June 27, 2016
Age discrimination issues deserve class action fairness
Most workers in America know where to go if they feel they have been at the losing end of discriminatory practices. Since the 1960s the Equal Employment Opportunity Commission, better known as the EEOC, has acted as the last resort for women and men who have been unfairly treated due to their race, gender, cultural identity—and age?
The answer is yes and no. While the EEOC does oversee age discrimination complaints, age discrimination is treated very differently by the law. In fact, discrimination against workers over 40 is handled under an entirely different set of rules set forth under the Age Discrimination in Employment Act or ADEA.
While the ADEA was created to protect older adult workers, since its beginning it in fact only has served to codify age discrimination as a lesser civil rights issue. Unlike race or gender discrimination, which protects workers against impact and not just intent, the ADEA only protects workers against “arbitrary age discrimination,” suggesting that there are times when, gee-whiz, maybe it does make sense to lay people off who have been hanging around a bit too long.
It turns out that for some businesses, this is all the justification they need—and the courts have repeatedly upheld decisions that unfairly penalize workers for the crime of aging. The two justifications most-often utilized are “bona fide occupational qualification,” usually during hiring, and “reasonable factor other than age” or RFOA. The RFOA is perhaps the more insidious defense. Essentially, if any other justification can be made for laying off a worker then there is no means for that worker to fight the ruling.
Picture a mid-sized organization that has been around for a few years. While looking for ways to increase profits, they decide to lay off all of their workers who have more than 20 years seniority and replace them with recent college grads—not in the same exact job, of course, but close enough to get the job done. A similar situation where all of the women or people of color are laid off could lead to a class-action suit, but for older adults it is different. In spite of effectively being laid off for aging, the employees in this situation would have little-to-no recourse under the ADEA and EEOC.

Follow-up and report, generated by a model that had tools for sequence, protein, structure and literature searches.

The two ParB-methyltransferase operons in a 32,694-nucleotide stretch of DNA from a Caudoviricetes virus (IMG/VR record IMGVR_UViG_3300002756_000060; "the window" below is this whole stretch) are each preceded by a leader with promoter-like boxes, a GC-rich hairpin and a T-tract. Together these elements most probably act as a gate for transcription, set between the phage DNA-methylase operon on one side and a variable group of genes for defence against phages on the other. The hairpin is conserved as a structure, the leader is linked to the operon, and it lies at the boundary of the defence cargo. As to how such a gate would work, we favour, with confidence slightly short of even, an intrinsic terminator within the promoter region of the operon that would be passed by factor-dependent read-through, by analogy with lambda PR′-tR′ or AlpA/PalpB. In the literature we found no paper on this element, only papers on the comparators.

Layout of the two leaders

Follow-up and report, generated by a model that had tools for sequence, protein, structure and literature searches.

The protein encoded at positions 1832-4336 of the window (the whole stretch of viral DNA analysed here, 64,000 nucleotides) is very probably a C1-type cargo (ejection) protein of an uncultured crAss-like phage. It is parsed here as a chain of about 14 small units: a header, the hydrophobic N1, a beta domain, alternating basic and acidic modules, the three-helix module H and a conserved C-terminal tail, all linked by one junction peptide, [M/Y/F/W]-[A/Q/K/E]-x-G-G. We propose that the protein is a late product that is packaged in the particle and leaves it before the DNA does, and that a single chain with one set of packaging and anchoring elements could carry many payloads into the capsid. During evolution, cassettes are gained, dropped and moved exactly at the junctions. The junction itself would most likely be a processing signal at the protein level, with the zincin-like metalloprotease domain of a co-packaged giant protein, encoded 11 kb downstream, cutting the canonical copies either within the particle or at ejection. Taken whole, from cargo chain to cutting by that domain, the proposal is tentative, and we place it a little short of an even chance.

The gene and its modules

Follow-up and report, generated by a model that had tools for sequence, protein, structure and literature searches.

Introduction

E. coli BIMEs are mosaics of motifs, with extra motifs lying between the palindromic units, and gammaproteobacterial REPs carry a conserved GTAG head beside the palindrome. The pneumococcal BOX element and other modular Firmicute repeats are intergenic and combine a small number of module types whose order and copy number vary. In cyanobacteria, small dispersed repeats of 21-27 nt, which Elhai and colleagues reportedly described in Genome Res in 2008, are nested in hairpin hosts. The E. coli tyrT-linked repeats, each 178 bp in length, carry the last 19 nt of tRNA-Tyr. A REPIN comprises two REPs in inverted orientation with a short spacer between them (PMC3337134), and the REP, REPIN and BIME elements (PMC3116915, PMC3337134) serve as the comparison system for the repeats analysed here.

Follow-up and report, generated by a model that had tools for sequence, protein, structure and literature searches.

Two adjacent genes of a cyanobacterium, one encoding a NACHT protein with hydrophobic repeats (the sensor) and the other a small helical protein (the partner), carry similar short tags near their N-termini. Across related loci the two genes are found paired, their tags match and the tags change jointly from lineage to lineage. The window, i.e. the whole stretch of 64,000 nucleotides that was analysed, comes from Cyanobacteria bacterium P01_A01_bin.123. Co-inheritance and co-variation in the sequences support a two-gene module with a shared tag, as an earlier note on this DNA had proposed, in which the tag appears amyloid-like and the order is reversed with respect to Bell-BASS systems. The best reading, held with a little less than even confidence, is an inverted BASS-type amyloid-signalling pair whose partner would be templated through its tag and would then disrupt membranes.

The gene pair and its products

The impact that the lack of workplace protections has had on older adults is devastating. According to the Bureau of Labor Statistics, older workers are half as likely to find employment. Unsurprisingly, this has contributed to over 25 million Americans over 60 living in poverty or economic insecurity, according to the National Council on Aging. This poverty leads directly to decreased health outcomes, higher medical costs, and shortened life spans – all of which only serves to perpetuate negative attitudes towards aging and older adults.
This needs to change. Employers should all be held to the same standards so that if a group of workers are let go, they can band together to form a class action and prove their case for discrimination. Over the coming months and years, through its Stop Ageism Now campaign the Agency on Aging is committed to educating the public on this insidious ageism and working with those in power to re-shape the law so that we are all afforded the dignity of protection and right to work.
CEO & President
Agency on Aging of South Central Connecticut